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Old 06-12-2011, 10:16 AM   #1
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Thoughts about tablets with pen input

Since I'm after a tablet with a stylus I've been looking around and so far there's not a lot out there.

I've looked at the HTC Flyer but that one is not capable enough for pen input.
I've also looked at the ASUS Eee Note EA-800 (reviews have been mixed) and the device never really took off.

After browsing around I got interested in the HP Slate 500 with Windows 7 but that was before I read this review:
http://www.robbushway.com/2011/05/09...te-your-money/

The things I found interesting about the device:

Getting a full fledged Firefox.
Getting PDF Annotator to work as it does on a regular PC.

The price is high, I do not consider $700-$800 dollars to be a competitive price but I'm guessing it's expected when the tablet is focused towards the business segment.

Here are some YouTube-videos covering the device:








Specifications: http://h10010.www1.hp.com/wwpc/us/en...=in_r602_slate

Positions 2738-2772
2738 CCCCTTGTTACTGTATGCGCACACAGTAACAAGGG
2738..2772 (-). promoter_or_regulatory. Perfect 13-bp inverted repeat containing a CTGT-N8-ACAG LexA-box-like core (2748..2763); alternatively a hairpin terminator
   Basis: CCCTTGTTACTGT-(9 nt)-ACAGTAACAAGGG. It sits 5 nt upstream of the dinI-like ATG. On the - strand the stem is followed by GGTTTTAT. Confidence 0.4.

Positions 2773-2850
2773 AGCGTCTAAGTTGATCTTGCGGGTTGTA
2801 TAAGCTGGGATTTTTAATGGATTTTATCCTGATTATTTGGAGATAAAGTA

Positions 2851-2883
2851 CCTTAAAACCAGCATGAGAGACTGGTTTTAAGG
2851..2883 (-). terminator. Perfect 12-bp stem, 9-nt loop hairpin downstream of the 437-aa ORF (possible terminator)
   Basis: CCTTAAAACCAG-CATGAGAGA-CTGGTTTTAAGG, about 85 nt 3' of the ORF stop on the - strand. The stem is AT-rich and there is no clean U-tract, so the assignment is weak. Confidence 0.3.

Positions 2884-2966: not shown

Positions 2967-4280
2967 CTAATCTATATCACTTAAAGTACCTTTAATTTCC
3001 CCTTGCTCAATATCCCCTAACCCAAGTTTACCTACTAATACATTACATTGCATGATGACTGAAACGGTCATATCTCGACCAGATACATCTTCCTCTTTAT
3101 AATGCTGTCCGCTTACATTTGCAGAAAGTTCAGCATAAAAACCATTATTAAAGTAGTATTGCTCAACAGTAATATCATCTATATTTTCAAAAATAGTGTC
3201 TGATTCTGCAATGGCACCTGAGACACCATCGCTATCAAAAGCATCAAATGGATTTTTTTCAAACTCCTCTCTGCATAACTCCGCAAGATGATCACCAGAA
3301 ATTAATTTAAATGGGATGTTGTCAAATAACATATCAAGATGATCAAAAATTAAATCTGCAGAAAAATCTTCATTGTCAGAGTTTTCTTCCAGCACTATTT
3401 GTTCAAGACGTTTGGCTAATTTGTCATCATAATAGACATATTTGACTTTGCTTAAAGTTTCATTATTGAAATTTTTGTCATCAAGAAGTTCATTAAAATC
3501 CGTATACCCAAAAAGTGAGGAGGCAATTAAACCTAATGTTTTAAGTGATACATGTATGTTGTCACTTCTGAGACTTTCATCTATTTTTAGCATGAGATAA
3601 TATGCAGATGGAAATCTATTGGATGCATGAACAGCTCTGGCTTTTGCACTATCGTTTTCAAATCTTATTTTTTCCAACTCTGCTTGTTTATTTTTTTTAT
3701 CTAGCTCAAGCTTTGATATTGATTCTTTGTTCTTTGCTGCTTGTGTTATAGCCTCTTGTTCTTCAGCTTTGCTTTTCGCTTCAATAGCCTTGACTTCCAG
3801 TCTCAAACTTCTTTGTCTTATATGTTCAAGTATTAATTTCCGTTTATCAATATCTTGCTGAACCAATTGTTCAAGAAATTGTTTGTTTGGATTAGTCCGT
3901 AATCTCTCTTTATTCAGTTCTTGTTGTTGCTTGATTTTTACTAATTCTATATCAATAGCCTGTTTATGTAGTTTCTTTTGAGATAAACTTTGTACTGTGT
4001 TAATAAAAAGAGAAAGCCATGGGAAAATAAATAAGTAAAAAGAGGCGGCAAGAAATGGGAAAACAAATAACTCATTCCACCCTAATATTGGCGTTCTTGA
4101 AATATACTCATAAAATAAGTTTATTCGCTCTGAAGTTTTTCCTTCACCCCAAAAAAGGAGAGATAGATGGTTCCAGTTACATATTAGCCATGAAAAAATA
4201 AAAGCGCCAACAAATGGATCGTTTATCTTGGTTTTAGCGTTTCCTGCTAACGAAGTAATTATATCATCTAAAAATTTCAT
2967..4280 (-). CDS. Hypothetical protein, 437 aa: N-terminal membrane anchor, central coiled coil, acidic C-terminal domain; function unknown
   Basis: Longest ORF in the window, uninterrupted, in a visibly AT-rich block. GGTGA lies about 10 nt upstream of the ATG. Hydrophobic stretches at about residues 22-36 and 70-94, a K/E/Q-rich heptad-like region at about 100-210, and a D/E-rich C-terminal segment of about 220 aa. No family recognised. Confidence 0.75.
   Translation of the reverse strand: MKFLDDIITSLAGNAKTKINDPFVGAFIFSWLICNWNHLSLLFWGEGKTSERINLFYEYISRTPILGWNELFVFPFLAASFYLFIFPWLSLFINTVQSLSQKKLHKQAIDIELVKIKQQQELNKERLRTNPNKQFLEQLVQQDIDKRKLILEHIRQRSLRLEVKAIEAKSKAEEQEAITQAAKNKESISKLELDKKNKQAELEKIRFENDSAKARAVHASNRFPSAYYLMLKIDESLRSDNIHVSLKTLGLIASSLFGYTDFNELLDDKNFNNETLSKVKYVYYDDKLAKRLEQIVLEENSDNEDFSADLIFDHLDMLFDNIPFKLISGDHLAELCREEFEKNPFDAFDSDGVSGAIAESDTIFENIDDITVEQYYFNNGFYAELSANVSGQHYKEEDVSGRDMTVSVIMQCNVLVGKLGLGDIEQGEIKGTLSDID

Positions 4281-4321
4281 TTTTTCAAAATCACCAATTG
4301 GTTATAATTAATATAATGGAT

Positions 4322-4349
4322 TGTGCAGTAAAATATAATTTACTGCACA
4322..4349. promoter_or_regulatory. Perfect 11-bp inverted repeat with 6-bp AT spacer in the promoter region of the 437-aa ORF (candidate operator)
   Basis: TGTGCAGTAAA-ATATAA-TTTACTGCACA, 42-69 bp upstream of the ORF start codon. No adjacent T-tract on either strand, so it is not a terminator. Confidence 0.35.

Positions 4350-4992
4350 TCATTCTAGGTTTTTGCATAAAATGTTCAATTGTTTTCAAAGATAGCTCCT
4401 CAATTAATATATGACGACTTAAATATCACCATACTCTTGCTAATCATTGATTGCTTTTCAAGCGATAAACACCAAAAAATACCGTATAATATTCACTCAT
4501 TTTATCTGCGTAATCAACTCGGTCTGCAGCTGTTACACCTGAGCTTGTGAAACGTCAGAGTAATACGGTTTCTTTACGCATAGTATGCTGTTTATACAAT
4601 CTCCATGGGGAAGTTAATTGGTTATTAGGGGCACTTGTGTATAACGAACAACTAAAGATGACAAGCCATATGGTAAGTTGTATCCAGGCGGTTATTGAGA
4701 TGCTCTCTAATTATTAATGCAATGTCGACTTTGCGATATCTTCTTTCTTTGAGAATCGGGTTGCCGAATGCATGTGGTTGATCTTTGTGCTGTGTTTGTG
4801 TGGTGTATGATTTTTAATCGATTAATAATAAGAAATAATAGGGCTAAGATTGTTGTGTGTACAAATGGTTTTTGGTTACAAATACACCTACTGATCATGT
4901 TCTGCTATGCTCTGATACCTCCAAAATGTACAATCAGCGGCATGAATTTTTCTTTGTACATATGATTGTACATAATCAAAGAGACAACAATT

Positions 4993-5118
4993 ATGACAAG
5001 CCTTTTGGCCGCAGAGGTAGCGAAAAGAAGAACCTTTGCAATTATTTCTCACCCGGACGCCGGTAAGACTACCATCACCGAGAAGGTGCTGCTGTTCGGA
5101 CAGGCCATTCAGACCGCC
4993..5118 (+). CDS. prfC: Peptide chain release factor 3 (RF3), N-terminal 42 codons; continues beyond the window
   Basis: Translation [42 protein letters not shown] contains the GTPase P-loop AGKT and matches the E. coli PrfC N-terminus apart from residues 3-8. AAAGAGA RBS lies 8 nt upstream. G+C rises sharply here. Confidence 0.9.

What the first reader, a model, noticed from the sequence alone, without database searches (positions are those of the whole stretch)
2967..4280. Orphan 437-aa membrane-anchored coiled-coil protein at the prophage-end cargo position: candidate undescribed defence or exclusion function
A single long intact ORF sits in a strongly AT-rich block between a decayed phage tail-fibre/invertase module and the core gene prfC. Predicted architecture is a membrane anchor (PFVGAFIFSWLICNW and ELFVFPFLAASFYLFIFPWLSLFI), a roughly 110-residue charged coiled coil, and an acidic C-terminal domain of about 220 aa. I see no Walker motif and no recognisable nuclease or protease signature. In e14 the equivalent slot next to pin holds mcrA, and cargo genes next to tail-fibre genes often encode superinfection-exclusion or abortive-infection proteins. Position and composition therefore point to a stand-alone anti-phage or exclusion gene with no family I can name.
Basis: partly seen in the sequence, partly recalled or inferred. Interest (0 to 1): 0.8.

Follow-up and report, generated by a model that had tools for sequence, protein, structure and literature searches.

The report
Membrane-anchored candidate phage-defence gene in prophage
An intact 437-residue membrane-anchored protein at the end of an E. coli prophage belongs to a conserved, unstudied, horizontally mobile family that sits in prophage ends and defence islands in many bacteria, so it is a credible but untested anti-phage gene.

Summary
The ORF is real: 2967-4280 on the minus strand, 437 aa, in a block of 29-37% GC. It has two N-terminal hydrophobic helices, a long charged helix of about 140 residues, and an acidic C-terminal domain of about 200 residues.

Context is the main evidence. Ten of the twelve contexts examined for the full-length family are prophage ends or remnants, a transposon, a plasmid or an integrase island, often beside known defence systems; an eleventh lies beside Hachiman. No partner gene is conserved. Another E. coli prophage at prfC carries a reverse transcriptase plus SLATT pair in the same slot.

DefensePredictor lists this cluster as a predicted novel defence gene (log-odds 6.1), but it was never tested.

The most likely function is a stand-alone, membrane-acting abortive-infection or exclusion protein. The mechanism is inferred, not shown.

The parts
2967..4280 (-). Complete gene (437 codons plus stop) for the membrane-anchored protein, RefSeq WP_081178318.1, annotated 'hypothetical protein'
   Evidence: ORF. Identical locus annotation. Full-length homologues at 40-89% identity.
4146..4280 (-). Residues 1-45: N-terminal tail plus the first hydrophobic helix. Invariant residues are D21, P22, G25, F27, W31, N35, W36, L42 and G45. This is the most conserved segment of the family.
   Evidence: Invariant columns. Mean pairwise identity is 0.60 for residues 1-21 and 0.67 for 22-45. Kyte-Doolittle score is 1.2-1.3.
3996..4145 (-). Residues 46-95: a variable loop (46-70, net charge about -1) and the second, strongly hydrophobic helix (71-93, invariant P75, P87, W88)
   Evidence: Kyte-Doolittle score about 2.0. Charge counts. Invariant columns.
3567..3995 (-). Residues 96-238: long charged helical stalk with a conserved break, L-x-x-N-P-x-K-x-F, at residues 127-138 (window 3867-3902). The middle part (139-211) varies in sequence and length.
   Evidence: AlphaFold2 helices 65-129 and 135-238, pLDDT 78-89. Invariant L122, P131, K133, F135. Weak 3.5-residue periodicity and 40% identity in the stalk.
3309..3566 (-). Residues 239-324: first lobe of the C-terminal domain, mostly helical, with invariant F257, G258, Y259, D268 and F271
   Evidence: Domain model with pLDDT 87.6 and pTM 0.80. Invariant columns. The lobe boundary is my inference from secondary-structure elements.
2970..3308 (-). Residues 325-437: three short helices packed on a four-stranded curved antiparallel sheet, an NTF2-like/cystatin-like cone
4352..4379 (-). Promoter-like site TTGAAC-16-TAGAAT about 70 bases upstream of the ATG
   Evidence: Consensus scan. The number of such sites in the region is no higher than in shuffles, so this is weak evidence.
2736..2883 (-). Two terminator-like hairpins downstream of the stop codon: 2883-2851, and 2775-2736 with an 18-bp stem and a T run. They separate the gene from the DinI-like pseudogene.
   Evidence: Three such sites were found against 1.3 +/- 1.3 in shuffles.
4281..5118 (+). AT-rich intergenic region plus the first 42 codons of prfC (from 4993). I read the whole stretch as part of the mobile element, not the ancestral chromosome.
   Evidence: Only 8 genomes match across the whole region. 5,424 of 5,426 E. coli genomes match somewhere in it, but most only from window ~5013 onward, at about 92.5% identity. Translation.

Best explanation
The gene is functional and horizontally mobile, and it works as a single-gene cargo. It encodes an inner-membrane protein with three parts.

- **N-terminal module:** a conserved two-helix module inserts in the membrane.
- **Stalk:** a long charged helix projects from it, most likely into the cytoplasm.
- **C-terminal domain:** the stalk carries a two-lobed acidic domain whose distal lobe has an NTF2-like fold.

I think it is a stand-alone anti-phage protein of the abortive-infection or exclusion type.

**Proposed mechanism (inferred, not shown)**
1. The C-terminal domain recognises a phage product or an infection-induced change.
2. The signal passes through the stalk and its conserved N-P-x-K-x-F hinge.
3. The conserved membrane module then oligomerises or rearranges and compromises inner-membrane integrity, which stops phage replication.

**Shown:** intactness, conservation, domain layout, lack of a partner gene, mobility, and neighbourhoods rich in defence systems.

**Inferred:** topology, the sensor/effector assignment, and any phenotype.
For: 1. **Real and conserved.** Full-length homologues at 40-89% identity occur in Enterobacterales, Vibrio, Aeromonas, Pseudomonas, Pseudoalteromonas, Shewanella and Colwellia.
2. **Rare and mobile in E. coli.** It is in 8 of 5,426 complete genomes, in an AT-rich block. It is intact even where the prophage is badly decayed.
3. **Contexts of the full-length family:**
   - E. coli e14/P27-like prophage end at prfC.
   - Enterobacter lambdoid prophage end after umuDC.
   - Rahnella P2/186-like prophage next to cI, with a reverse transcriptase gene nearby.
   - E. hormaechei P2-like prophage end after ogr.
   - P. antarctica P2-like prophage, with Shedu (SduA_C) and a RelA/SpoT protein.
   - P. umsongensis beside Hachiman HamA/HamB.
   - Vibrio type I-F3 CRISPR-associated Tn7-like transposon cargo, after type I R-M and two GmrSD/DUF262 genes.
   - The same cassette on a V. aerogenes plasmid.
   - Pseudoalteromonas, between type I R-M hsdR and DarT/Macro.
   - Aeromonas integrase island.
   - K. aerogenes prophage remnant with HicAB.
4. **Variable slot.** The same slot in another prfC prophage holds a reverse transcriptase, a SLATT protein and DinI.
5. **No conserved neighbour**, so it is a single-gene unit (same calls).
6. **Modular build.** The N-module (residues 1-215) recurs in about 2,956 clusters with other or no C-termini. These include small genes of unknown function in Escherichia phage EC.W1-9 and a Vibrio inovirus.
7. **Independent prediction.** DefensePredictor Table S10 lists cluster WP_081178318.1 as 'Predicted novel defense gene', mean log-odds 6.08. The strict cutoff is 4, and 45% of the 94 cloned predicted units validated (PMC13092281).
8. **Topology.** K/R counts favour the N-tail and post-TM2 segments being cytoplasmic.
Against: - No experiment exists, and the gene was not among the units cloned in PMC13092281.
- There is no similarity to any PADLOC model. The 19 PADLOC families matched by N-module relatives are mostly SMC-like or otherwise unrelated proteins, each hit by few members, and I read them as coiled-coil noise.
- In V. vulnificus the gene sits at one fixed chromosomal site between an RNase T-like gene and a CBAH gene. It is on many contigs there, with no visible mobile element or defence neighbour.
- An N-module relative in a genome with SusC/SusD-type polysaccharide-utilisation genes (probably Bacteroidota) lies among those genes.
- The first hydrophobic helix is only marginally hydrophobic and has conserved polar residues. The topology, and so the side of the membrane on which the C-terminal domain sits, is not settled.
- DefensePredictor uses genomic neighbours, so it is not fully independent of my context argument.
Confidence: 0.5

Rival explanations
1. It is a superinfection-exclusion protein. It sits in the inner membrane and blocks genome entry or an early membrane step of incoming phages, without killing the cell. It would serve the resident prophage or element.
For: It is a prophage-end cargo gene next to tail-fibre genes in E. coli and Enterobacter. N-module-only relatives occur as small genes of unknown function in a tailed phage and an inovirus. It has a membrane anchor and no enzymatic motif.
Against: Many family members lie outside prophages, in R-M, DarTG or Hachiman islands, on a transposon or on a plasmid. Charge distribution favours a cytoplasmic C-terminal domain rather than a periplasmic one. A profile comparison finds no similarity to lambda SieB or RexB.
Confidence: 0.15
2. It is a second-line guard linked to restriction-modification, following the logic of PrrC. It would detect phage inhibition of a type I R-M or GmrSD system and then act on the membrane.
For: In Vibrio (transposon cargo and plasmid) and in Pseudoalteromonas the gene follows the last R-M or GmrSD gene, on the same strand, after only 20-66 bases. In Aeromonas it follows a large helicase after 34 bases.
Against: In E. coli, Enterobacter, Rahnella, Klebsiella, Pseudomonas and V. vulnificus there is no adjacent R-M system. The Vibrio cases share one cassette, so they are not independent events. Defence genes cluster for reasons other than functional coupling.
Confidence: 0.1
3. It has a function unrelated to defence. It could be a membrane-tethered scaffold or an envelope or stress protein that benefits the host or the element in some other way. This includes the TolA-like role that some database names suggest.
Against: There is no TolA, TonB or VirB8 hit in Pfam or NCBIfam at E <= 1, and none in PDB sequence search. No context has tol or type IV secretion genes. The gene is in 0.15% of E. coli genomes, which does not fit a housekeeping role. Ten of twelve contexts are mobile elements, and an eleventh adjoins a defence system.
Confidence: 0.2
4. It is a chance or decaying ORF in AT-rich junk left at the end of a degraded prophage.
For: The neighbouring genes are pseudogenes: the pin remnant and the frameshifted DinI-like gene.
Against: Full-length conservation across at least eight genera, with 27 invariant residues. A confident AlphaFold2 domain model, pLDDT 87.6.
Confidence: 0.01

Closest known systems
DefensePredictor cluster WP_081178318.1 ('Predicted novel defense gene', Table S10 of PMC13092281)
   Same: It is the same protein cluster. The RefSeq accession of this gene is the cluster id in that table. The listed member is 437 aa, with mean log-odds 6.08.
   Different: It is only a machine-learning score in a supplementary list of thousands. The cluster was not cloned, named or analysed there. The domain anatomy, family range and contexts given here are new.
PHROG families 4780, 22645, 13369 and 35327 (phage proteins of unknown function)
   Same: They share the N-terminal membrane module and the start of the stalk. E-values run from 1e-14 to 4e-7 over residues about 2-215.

Now I'm turning my eyes to the Asus EP121: http://www.asus.com/Eee/Eee_Pad/Eee_Slate_EP121/
But at a price of $1.350 it's quite expensive but the screen looks awesome (12.1" LED backlight WXGA (1280x800) Screen Capacitive and Electromagnetic Panel with AFFS).


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Old 06-17-2011, 05:15 PM   #2
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Wow! The ASUS really jumped in price! It was expensive when I bought the EP121-1A005M model at $1099. The only difference (that's listed that I can see, anyway) is that the EP121-1A010M you linked to on Amazon uses 1333 MHz SDRAM while mine pokes along at 1066 MHz.

You might want to see this comparison of the Slate 500 and the EP121 on YouTube. As the man says, the ASUS is a big piece of tablet to haul around.

Also - and this applies to both - you have heard, haven't you, that Windows is about the least friendly OS for touch applications? Just so long as you're aware of that....